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  3. I often marvel and wonder how things we take for granted today were discovered in the first place. Thankfully there were inquiring minds.

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  4. This was so interesting to read, Jennifer. Your writing has such a lovely flow. Love the snippet at the end. It looks and feels like poetry to me too. :)

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  5. This piece had so much indormation and new learning for me but held my interest so well. It was the perfect flow/mix of cool facts and their impact today on you. The facts were told with the heart. Very cool I wonder response.

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  6. Jen,
    Sometimes we forget how lucky we are living today. There are so many modern conveniences that we just take for granted. I learned a lot about insulin that I did not know reading your piece. I guess I haven't thought about the history of it, but have always been thankful it has been around to help loved ones.
    Cathy

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  7. Thanks for sharing some history, with some application! I have a hard time reading historical documentation, but when there is real-world, today, relevance, I get completely sucked in. The emotional connection for you was evident as well, and being a people-person, that wins me over as well. I wish all of history could be read so easily! :)

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  8. I have had students with diabetes (middle school) and marvel at the independence they have in managing their diabetes. They've gone on long trips with me and with just support through touching base, they're just fine. What a miracle those two men gave us. I understand your gratitude and love that you placed those words poetically, like a poster on a wall!

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    1. Funny thing ~ I found them just like that! I think they were in his notes written like that is my guess.

      It is pretty amazing how independent they become. My daughter can already give herself her own shots, at the age of 7!

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  9. This is one very thought provoking post. I connected to it on many levels - as a teacher, as a mother and as a mother of a biomedical researcher. I have at least one child who is dependent on insulin every year - sometimes more - and it would be great to read about this from an invention and a human interest perspective. As a mom, I am grateful every day for my chlidren's health in the age of vaccines, antibiotics and other medical breakthroughs. As the mom of a biomedical researcher, I am proud that the future will be brighter because of what they do.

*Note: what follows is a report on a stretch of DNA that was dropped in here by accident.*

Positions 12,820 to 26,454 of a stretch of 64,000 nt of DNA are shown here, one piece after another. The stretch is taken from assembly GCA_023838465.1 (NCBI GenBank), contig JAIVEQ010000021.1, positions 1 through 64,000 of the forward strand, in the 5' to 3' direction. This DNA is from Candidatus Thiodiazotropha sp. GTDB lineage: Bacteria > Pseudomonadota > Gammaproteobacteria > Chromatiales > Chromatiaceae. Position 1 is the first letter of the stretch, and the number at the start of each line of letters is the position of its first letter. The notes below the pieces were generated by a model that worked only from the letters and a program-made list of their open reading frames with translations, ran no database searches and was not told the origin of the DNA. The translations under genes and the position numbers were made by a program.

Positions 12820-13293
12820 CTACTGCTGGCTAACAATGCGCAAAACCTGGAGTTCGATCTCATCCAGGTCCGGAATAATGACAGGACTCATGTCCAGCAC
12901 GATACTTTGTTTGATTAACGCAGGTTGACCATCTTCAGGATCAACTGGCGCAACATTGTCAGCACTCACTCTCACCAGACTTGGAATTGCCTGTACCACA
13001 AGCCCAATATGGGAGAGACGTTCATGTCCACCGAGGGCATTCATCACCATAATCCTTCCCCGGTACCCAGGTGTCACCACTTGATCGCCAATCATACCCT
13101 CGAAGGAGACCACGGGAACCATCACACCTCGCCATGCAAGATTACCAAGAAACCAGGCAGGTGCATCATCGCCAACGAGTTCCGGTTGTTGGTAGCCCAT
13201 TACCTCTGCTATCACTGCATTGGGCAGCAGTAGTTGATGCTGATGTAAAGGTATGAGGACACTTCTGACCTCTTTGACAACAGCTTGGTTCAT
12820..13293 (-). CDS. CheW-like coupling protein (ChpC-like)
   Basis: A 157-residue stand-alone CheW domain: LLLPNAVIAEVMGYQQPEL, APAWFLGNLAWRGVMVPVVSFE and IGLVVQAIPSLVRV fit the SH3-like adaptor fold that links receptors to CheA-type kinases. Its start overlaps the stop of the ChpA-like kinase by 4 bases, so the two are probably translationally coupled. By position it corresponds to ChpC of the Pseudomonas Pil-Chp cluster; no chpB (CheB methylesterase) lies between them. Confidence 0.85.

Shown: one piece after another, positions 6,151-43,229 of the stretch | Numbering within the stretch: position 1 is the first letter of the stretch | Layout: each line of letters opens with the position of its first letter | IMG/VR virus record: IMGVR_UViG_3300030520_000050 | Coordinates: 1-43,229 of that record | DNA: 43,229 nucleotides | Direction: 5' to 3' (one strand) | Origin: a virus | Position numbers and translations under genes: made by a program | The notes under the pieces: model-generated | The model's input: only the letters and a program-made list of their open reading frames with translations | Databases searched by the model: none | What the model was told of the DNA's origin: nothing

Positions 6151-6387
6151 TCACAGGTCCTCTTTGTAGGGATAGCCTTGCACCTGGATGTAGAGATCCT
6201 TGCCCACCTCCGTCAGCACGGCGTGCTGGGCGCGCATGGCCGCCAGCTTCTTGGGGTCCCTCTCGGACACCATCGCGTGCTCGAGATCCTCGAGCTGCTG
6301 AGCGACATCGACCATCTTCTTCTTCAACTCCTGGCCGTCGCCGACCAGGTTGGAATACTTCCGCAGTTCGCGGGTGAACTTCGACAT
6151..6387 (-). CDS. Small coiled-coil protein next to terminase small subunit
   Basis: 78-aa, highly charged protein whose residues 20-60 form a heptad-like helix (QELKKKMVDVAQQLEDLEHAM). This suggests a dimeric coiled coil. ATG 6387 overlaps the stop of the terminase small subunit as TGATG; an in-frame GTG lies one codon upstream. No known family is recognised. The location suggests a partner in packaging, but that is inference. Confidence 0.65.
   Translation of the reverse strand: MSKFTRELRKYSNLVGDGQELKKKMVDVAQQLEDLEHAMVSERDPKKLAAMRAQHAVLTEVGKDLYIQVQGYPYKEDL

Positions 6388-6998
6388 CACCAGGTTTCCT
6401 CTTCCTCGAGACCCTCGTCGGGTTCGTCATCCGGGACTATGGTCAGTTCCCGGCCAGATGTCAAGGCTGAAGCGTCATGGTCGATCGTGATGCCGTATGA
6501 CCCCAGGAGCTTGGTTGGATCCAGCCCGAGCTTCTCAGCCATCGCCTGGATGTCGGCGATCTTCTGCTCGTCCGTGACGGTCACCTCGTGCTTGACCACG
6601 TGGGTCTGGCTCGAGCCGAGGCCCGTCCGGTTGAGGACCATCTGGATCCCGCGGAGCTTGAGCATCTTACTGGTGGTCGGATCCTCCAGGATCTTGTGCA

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  10. Wow! I had no idea that insulin was invented so recently. Thank you for sharing this interesting piece.

    P.S. I just found my Girlfriend token from NCTE!

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    1. Ha - cool! It does say dinner or a night out!

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  11. Wow. Thank you, Jen. I have often thought about medical history in terms of other illnesses, but never about insulin. I loved the line about the doctors raising children from the dead! I can just imagine the cheers and shouts. Amazing.

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  12. Wow...sweet friend...it's great to see you here and read your posts. I love this post--especially the ending. Miss you and can't wait to read more from you in the upcoming days. Makes me feel like I'm a little closer to my friend in Chicago..... :)

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  13. This is an amazing story. I too am grateful for the thought of isolating the insulin from other resources to give to those who have problems making it on their own. Three of my grandparents had diabetes and required insulin to keep their blood sugars in check. However, I have memories as well when my grandma went into insulin shock...

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  14. How frightening for you and your husband to have heard that diagnosis. Your relief that with care and the fact she was born now she can have a life of promise. My heart goes out to all the families that battle ilness.